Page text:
April 14, 2011

Secular Thursday: God Bless You

Last week I asked for help finding topics for my Thursday posts and Sadie asked what we teach our kids about religion, and how do we handle holidays?  It's a great question and I feel a little silly for not already posting more about it.  Sometimes it's hard for me to see the secular parts of our lives.  It's not that these things don't come up, but we were never religious and there has never been a "hole" to fill.  For a while I tried to teach Robotson about world religions, but he wasn't interested;  I let it go.  These days the learning around here comes up naturally as something piques someone's interest, and we take it from there.

But that's not really a very interesting or in depth answer.  Besides Sadie's question got me thinking a little more about how religion turns up in our lives on a daily basis.  So I'll try to pay more attention to those times and write from there.  Here's a little something that happened today in the van.

Someone sneezed.  Most people say "god bless you", though we've been saying "gesundheit" for a while now.  Funny Girl asked me what god bless you means.  I replied that it meant to wish someone good health.  That's closer to the definition of gesundheit, but she's only five.  I think it might be a little early to introduce plagues and needing to be blessed to avoid getting sick.  It's also probably not a good idea to mention evil spirits needing to be kept away or sneezing one's soul out for the devil to grab.  Sheesh.  It's supposed to be polite to respond to someone's sneeze.  Why it morphed into manners is just sort of weird and slightly annoying now that I think about it.  We don't bless people for coughing, having a runny nose, or running a fever.  It's a silly superstition and probably shouldn't be required etiquette.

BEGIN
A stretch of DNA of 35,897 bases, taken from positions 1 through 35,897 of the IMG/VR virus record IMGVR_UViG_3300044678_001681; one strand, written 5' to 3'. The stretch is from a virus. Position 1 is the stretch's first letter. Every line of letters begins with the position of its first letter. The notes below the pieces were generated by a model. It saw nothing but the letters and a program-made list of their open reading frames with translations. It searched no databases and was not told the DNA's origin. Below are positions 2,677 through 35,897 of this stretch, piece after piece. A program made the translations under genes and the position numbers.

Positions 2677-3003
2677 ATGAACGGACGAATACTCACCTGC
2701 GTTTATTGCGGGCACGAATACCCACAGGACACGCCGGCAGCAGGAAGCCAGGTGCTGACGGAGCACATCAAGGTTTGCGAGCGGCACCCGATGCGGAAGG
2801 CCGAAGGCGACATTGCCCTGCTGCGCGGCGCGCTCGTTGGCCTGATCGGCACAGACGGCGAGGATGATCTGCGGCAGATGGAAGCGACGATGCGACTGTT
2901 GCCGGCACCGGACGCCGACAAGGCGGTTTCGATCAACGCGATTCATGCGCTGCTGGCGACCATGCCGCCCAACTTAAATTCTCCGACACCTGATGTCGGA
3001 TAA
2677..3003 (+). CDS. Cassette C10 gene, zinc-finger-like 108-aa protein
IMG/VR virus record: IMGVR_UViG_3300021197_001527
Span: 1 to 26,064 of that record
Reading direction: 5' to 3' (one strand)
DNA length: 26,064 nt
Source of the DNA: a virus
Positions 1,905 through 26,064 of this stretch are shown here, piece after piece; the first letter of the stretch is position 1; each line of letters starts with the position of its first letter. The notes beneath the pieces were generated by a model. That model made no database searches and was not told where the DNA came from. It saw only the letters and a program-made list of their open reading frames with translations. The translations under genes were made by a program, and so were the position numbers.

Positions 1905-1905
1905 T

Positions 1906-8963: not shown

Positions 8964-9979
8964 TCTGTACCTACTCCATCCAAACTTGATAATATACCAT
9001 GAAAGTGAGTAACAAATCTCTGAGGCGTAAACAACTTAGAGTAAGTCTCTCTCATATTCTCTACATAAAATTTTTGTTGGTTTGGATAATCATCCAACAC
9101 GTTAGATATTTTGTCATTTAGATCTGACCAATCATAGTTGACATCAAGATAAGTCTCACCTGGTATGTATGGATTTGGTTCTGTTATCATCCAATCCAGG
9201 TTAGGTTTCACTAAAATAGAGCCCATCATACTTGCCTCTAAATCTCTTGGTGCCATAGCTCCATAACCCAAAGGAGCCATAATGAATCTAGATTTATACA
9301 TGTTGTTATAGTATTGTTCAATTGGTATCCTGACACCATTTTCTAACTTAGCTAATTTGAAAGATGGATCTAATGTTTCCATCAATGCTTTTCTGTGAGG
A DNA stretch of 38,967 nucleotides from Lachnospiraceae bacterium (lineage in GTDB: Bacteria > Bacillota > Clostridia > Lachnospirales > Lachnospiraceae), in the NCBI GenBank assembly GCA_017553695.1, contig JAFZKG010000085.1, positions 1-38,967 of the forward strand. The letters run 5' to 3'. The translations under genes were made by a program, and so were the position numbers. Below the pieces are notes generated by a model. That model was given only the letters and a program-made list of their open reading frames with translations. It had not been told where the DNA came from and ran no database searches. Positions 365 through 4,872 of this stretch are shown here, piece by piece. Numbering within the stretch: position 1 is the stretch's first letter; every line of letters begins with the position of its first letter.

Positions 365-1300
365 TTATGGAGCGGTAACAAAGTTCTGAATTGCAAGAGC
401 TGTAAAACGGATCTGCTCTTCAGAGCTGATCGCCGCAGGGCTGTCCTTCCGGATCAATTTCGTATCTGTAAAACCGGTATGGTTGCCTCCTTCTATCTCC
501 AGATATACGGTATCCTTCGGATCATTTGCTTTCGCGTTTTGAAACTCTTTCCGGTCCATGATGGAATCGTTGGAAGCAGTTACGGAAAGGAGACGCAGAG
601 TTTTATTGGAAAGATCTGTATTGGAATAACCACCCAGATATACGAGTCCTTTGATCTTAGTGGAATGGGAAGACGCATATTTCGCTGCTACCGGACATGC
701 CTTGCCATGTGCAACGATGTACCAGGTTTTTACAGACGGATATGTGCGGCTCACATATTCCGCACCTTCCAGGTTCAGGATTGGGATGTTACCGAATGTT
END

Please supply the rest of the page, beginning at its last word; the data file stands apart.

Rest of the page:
Apparently responding to a sneeze is fairly common around the world.  In most cases you wish someone good health, a long life, or a blessing.  The Chinese handle it best in my opinion.  The sneezer says "Excuse me."  No response is required.  I know many atheists refuse to acknowledge sneezes.  Unfortunately it will probably be seen as impolite not to respond, so we'll stick with gesundheit.  As the kids get older though it might be interesting to go into a deeper discussion of why wish health or blessings after a sneeze, and to hear what they think.  

Thanks for the question Sadie.  I know I didn't really answer your question with this post, but I hope future posts will give a little more insight into that part of our life as it comes up.  I've already got a draft for next week :)

There are more Secular Thursday bloggers too!  Don't forget to check them out.


  1. We've always just said "bless you". The kids don't think twice about it and when they sneeze out in public even if someone tosses in the god part they say thank you and pretty much dismiss it. My friend's husband won't acknowledge sneezes. But will get rude if someone does say "god bless you" or even just "bless you". I've yet to hear any of the Japanese people we interact with say anything when they sneeze other than excuse me. I think there is a response you can give, but no one bothers.

  2. In public I say nothing. To friends I say, "Nothing happens when you die". It is stolen from a Dane Cook stand up bit. I sometimes say "You sneezed" with a follow up "Well, it's just as arbitrary as 'bless you'".

  3. Funny, I recently started thinking about this, maybe moving here to GA or the fact 90% of the people I know are non religious. I have taught the girls to say "God Bless You" or "GaBlesYou" without much thought. I know the origin of how God Bless you came to be but it's always been a standard well received response to a sneeze. As of late though I'm starting to see less God Bless Yous and I'm ok with that. My 9 year old recently asked me about gusundheit and seemed more interested in that version.

  4. For my little kids (babies, toddlers), I just repeat "achoo" at them. My 2 yr old thinks it's funny and goes into "achoo" fits lol. For my older kids, "cover your face" is the automatic response. Otherwise, sneezes are ignored.

  5. Jeff I look forward to sneezing around you. LOL I love that response though I'd never say it.

    We used to say god bless you out of habit, but I made a point of changing it. It seemed like a really unmindful thing for a nonbeliever to say and I wanted to cut it out. I also try to avoid oh my god, though I still say god dammit. I'm working on it...

    SamDIBO- Now that you mention it, I often say "Into your elbow" or just elbow after a sneeze if I've noticed they just sneezed all over.